Sunrise in Joshua Tree at 60 degrees after an uninterrupted 8 hours of sleep is close to perfection. And I only say close because we have more to see and do. We make coffee and eat tortillas with apple butter and watch as the landscape brightens and takes form.
The park is named for the other-worldly Joshua tree (actually a member of the yucca family) that is everywhere here, but that may do this place a disservice. The geology is spectacular, with strange rock formations and deep canyons and broad, flat valleys. All sorts of heaving and rifting and tectonic plating and magma seeping or some such things did this. What I think is that to get a world such as ours a lot of weird shit has to happen. If you get up and wander around, you can see the evidence for yourself.
After putting things away, we drove 20 miles into the heart of the weird and wonderful Joshua Tree. A four wheel drive road called Geology Tour/Berdoo Canyon got us nose to nose with the wacky trees and every different type of geologic formation. With not one single other person around, we could stop and walk and photograph and marvel and move along and say “this is just wild” over and over.
We left Joshua Tree awed and fulfilled. A bargain at any price. Ahead was a crossing of the Mojave National Preserve and then Death Valley. We didn’t know weird, as it turns out. Both places are not as my imagination had formulated them. They are rich and varied ecosystems that defy simple descriptions. On the floor of Death Valley at the lowest point in the United States you are 282 feet below sea level. In our case, it was 114 degrees. You feel heavy and slow. Then you ride down the road and see narrow canyons of brightly colored rock formations and realize the whole Mars rover thing could be a fake. They could be sneaking in here shooting the pictures. Then you see the sand dunes and drive up to pinion forested jagged peaks at 8200 feet. It is 65 degrees. As I said, it is a varied ecosystem.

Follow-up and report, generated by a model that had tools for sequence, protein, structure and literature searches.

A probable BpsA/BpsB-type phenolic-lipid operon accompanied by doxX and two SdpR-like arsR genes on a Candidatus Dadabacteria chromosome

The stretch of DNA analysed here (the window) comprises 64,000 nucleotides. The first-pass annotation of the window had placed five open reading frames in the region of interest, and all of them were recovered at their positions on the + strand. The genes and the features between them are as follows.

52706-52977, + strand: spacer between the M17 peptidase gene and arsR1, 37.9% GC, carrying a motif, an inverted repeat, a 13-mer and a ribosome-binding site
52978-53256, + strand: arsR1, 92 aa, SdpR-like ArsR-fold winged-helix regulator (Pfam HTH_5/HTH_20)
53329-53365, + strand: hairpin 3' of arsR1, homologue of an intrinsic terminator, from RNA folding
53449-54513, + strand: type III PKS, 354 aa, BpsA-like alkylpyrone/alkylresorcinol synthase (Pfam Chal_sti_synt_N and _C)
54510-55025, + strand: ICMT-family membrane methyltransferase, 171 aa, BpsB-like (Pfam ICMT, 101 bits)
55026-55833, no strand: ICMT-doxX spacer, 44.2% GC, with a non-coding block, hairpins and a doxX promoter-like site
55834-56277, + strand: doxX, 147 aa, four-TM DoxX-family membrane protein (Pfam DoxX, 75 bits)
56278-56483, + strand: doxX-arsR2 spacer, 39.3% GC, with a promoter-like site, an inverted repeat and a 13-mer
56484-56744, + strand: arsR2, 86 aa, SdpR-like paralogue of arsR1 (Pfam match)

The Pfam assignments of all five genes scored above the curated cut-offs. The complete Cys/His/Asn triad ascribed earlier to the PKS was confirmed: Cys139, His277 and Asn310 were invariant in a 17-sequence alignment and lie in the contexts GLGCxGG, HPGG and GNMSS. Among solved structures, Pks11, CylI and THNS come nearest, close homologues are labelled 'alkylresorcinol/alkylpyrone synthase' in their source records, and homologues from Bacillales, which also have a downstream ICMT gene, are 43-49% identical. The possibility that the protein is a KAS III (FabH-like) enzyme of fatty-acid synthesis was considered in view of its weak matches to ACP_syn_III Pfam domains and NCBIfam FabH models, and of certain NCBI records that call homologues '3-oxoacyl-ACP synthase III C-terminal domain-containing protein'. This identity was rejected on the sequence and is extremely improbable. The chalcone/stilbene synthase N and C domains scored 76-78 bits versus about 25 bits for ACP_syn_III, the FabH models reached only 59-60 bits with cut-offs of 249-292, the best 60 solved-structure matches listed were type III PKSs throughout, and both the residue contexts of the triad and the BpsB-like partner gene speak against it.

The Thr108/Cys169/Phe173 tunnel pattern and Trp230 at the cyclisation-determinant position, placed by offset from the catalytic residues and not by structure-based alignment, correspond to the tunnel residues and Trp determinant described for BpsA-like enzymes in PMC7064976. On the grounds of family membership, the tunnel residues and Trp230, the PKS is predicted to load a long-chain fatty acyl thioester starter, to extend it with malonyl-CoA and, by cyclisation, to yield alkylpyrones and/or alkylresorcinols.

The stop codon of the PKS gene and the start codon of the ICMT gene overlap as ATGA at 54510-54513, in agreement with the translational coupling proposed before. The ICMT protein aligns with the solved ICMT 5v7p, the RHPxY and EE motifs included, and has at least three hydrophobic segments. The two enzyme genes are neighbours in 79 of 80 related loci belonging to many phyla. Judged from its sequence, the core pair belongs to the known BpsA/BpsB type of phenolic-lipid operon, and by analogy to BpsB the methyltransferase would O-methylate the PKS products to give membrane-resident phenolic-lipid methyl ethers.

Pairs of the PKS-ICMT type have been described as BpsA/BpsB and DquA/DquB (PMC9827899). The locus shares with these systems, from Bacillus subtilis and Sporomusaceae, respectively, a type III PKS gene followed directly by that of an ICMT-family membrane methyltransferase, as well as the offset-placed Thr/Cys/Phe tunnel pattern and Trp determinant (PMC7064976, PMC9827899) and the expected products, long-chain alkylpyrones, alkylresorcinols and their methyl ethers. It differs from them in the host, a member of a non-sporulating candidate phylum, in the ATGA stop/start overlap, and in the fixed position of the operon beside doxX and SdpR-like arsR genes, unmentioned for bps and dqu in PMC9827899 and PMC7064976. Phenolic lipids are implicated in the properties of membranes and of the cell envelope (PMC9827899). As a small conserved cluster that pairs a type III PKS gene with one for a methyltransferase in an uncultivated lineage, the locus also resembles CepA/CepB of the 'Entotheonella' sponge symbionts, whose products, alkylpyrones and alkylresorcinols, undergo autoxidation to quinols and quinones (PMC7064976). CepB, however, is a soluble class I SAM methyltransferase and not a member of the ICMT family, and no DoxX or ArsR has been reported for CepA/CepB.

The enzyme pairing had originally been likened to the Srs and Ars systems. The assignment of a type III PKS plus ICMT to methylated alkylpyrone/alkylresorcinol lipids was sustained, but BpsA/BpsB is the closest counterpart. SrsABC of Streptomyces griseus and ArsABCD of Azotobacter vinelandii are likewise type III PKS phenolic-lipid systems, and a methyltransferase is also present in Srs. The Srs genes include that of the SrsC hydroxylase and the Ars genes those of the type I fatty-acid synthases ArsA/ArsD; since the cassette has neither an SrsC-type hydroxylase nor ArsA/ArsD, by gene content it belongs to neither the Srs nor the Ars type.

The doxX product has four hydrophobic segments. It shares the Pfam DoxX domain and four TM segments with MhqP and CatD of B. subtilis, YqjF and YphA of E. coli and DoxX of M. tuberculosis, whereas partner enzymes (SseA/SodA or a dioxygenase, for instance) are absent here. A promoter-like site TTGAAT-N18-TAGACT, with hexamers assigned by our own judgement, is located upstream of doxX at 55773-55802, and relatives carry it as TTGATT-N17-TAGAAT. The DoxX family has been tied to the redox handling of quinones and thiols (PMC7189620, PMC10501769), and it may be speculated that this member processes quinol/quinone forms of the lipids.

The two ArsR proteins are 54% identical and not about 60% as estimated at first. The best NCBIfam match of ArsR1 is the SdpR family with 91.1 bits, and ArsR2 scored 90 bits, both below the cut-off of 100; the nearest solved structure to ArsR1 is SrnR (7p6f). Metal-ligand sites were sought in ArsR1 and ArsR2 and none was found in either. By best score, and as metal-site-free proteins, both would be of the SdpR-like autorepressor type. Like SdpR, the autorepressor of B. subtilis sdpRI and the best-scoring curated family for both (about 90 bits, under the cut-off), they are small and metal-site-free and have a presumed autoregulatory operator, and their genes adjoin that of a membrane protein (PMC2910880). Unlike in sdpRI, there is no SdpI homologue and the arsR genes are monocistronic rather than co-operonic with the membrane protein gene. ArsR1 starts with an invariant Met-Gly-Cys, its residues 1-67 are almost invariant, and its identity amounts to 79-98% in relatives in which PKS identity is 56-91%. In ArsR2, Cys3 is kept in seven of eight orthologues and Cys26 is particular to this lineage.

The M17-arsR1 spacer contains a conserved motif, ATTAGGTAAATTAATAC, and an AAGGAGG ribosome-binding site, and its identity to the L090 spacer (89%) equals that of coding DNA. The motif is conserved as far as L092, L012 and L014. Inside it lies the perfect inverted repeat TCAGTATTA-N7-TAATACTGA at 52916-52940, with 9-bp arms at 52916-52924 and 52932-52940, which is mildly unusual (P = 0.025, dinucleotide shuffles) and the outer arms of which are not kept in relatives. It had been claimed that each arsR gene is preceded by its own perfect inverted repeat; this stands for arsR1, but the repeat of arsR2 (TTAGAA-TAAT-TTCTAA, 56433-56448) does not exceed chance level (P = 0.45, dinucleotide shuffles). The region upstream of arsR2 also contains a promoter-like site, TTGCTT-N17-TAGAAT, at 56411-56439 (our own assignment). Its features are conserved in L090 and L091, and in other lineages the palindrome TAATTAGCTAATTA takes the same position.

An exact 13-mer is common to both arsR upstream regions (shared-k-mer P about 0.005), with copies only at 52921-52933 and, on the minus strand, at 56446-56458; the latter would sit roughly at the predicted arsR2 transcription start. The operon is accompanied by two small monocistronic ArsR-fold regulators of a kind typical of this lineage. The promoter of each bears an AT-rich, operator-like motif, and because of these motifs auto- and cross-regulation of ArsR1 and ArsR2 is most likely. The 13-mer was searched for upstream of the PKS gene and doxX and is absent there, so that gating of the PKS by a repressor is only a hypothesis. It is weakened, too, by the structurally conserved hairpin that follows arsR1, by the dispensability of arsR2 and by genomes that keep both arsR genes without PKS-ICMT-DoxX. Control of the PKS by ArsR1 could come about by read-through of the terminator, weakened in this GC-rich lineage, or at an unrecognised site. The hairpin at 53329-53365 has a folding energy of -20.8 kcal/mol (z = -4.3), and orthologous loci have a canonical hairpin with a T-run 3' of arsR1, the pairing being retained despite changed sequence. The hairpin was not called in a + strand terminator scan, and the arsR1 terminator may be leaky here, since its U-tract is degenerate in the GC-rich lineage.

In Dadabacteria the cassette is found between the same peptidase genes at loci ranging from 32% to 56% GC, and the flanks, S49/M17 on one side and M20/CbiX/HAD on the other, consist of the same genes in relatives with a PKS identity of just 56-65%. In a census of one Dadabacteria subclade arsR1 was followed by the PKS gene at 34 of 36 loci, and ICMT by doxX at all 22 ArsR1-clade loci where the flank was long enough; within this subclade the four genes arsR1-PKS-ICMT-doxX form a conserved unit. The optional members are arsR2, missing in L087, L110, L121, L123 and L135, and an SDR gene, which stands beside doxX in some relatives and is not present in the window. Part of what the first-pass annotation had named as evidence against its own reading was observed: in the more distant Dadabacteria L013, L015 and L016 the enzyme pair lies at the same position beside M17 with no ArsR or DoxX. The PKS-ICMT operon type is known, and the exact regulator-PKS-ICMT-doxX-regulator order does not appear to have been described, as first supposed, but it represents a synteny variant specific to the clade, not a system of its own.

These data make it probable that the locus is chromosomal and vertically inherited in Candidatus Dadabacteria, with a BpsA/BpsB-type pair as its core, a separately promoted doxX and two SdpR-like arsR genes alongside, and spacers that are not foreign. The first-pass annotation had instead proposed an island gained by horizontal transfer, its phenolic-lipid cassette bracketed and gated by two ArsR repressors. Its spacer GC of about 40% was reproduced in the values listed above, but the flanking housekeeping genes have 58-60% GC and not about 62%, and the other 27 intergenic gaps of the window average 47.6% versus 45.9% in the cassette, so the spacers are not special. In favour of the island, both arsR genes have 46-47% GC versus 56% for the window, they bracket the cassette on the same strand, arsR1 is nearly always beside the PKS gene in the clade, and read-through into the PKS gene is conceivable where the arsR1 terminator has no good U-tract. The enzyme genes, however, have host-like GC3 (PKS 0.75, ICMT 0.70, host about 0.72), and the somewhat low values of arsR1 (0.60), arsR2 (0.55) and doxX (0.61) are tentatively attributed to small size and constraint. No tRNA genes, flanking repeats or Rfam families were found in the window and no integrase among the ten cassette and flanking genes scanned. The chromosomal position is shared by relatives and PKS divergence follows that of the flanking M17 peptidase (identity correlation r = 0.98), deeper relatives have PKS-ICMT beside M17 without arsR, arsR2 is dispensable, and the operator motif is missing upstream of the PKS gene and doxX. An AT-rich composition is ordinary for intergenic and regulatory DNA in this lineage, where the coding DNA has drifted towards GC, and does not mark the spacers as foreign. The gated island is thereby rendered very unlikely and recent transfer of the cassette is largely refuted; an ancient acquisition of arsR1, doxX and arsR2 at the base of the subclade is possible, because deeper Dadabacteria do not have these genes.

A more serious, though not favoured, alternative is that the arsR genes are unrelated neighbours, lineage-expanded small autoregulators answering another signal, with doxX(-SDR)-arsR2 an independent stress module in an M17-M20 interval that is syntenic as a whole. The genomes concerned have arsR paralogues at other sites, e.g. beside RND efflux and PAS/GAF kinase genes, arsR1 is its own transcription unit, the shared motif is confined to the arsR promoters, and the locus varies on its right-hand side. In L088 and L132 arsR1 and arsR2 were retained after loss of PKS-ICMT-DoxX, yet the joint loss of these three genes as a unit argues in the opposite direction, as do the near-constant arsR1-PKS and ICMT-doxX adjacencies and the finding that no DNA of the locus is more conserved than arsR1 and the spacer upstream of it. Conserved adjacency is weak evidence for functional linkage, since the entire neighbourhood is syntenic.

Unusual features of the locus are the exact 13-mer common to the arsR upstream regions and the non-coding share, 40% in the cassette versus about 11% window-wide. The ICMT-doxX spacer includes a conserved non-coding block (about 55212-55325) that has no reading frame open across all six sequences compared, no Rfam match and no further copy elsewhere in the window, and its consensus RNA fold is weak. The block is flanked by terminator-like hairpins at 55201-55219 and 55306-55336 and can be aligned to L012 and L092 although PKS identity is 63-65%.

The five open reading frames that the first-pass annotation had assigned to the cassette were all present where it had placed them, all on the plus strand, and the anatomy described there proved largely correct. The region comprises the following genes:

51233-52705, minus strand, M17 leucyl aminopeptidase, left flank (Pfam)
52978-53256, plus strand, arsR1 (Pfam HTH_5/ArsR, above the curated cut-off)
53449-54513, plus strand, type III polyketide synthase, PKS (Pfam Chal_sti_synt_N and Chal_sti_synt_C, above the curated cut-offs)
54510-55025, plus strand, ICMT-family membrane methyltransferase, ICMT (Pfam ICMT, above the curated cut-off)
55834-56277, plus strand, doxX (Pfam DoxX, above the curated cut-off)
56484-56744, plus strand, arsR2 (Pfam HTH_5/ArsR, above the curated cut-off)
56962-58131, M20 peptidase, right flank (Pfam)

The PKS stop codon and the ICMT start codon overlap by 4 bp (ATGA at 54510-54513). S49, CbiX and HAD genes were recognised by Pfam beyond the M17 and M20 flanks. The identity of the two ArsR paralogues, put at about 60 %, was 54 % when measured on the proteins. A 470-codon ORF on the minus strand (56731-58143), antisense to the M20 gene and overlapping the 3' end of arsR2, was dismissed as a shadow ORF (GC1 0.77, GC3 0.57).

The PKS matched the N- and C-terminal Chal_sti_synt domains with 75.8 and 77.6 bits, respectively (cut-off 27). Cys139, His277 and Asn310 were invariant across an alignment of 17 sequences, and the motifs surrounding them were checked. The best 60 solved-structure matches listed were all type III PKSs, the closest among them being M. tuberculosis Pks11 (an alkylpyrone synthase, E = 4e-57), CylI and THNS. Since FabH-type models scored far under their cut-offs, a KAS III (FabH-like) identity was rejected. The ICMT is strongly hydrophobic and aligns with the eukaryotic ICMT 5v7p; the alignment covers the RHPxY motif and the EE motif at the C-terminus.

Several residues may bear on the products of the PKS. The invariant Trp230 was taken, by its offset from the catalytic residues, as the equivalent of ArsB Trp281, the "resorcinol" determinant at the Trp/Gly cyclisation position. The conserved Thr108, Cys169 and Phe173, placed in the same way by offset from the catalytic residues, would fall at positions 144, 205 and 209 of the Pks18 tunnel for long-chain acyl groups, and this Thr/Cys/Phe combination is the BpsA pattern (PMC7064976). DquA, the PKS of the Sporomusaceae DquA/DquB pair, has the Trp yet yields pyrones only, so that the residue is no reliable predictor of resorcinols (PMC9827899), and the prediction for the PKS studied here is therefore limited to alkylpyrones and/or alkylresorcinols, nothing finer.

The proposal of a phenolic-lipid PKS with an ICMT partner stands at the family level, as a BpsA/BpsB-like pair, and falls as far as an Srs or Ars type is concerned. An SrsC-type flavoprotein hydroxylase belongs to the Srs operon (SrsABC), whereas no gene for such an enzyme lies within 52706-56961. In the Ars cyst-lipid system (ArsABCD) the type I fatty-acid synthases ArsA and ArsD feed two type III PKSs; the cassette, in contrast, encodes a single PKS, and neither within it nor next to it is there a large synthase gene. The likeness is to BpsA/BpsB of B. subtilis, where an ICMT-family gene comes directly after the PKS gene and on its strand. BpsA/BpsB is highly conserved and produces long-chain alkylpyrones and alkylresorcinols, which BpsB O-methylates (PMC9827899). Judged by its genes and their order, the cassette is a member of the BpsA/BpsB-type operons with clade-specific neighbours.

I’m not sure one could ever feel more alive than when caught in the midst of a lightening storm in Death Valley. Ironies abound, but here in this hot, dry place, we are riding out a massive flash flood and we are freezing. It’s 55 degrees, we are camped at 8200 feet near Telescope Peak and, when in the rooftop tent, we are very nearly the highest point in the campground. And the two pinion pines on either side of the car are deeply scarred with the reminders that lightening will find the ground. Up until this moment, the day and evening have been capital. At this moment, I’m struggling to wake from a deep four hour slumber and focus on making good decisions quickly.
I want off the roof. Period. I don’t remember the science and I can’t do the math to figure the odds, but I know that I want off the roof. Once again, gear to the rescue. We are out, down, and have the tent buttoned up and dry in 2 minutes. In the dark. Thank you Autohome. The plan is to sleep in the chairs under the awning. Cold, but manageable. Quickly that plan is replaced with another, the impetus being the presence of a 3 inch an hour flash flood that has the awning sagging under the weight of who knows how much pooled water and rivers running under our feet.
Into the vehicle. Safe, dry, awake. I slip out and burp the awning every 10 minutes or so to keep it from collapsing and we break out the diversions (an offline blog post for me, Teddy Roosevelt’s autobiography for my son). The wind kicks up to add to the stew of the evening and we, well, we live.
Truth is, we haven’t cheated death here in the valley. We likely would have been just fine in our tent on the roof in the lightening storm and flash flood. We could have slept right through it. But something about rallying to the call of imminent catastrophe, saving the gear, and ending up in a safe, dry place seems more like living. You can sleep through anything. You can really feel alive in Death Valley.